Liz: On the flipside, what makes working in South Sudan special?
Nok: Being away now since the recent conflict broke out really makes me miss the families and parents around the school. Their support and desire to keep the school going is incredible. In December 2013 we closed the school for two months because of the conflict and the parents encouraged us. They said, “We are here. Open the doors and our children will come.” We did and sure enough they came back. The community really helps and supports us. Whenever we need anything, they are there.
Aprelle: Though South Sudan has its challenges, there is no other place where you could actually be a part of the development and really measure how much you were impacting a new country. Juba was a mixture of worlds in the sense that there were so many people passionate and excited about development from local South Sudanese, to those coming from the diaspora, and also expats who really wanted to be a part of something historic and special. That is a unique opportunity.
Liz: How can people who are interested to get assist TASOSS get involved?
Nok: The way I see it there are two routes to get involved. Of course we are always looking for funding and support to run our programs and build our dream school to reach more students. In addition, one of our greatest needs is finding creative and innovative teachers. We are very open to volunteers who are willing to spend a year or two in South Sudan to help build capacity within our teachers.
Aprelle: As Nok mentioned, we are always seeking opportunities to partner with businesses and individuals to provide financial support, which is a constant need. Additionally, we welcome teachers, advisors, and education professional to collaborate with us on key awareness and need-based events such as hosting book drives, volunteering, and supporting fundraising activities.
Liz: Aside from TASOSS what else are you working on?
Aprelle: One of my passions has always been design. As a matter of fact, I had just graduated from the Fashion Institute of Technology right before we moved to South Sudan. Now, as I am based in Kenya, which is an emerging fashion hub, I am able to focus on building my African-inspired luxury brand, APRELLEDUANY.
The aim of the brand is to change the negative perceptions of Africa andrepresent consumers who do not fit the “normal” image of luxury. I wanted to have resources to make real change in the world concerning elements of impact. My areas of concern include lack of education and women’s empowerment. Though I am a young brand, I have received positive feedback and excitement including being invited to New York Fashion Week and other powerful platforms. I plan to use this exposure to not only build the brand, but also highlight the areas in which I want to impact marginalized communities, mainly girls and women.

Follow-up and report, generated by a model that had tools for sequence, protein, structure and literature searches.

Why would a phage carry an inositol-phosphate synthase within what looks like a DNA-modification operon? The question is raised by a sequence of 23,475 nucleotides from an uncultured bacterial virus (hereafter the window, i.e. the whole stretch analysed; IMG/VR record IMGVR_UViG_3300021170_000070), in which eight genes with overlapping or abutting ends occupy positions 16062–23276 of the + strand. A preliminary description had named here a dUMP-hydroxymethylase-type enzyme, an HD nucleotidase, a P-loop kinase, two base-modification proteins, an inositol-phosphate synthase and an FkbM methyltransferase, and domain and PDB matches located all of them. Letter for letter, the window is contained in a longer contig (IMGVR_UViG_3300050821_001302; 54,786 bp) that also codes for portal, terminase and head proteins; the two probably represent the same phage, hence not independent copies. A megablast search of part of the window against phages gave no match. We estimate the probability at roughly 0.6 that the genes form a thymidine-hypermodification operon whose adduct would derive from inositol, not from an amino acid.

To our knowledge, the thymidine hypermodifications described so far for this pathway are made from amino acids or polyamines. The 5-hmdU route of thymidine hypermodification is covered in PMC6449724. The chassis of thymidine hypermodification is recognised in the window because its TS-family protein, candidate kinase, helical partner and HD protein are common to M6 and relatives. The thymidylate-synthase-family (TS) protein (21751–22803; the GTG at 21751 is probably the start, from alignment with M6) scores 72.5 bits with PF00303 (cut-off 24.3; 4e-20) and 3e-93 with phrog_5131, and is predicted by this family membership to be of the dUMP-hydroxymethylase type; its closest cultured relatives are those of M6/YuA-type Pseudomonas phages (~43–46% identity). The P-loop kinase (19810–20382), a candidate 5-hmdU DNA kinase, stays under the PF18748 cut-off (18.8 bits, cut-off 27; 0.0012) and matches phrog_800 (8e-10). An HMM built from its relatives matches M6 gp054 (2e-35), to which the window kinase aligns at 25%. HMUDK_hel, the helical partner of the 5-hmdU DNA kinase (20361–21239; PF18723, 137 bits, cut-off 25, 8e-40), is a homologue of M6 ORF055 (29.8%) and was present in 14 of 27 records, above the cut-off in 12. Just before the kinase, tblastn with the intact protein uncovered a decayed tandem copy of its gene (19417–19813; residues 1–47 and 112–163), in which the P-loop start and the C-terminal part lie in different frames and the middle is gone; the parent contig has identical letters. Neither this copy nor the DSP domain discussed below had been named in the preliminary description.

Nok: I recently graduated from Harvard with a Masters in Public Administration. It has been an intense but exciting year in terms of personal development, leadership and skills building for me. The reason I came to the Kennedy School was that I have been an entrepreneur and in the private sector my whole life. I used to think “we” could do everything ourselves. But then I got jolted into the public sector with the school and saw the need for the private and public sector to work together. I saw the need for a bridge so that government is really able to meet the needs of society.
Now I am working on a civic engagement consultancy company with two fellow graduates from Libya and France. We want to help empower communities to develop their own social contracts – to help bridge the gap.
Liz: Very exciting! What advice would you have to women interested in starting their own businesses?
Nok: I have met a lot of young women with great ideas but they tend to keep them to themselves. When you do that, they can’t come to life. So I would encourage women to find other partners who are passionate and have skills different to your own to help make your ideas come to life. Working alone is a thing of the past. You need strong partners to push you. Aprelle and Sienna are both strong women in their own right. We all come from different backgrounds and that has made us gel.
Aprelle: My advice would be to follow your own path and be patient with the process. In many cases, what I have seen especially from an African context, is that many women want to start a “safe” business. Meaning, starting a business that either a relative has already started or a business model that already exists. For those businesses, it is very difficult to become competitive and thus drive sustainability. Opportunities lie in innovation, and with the ease of access to information and technology new entrepreneurs should focus on solving problems that are not being addressed.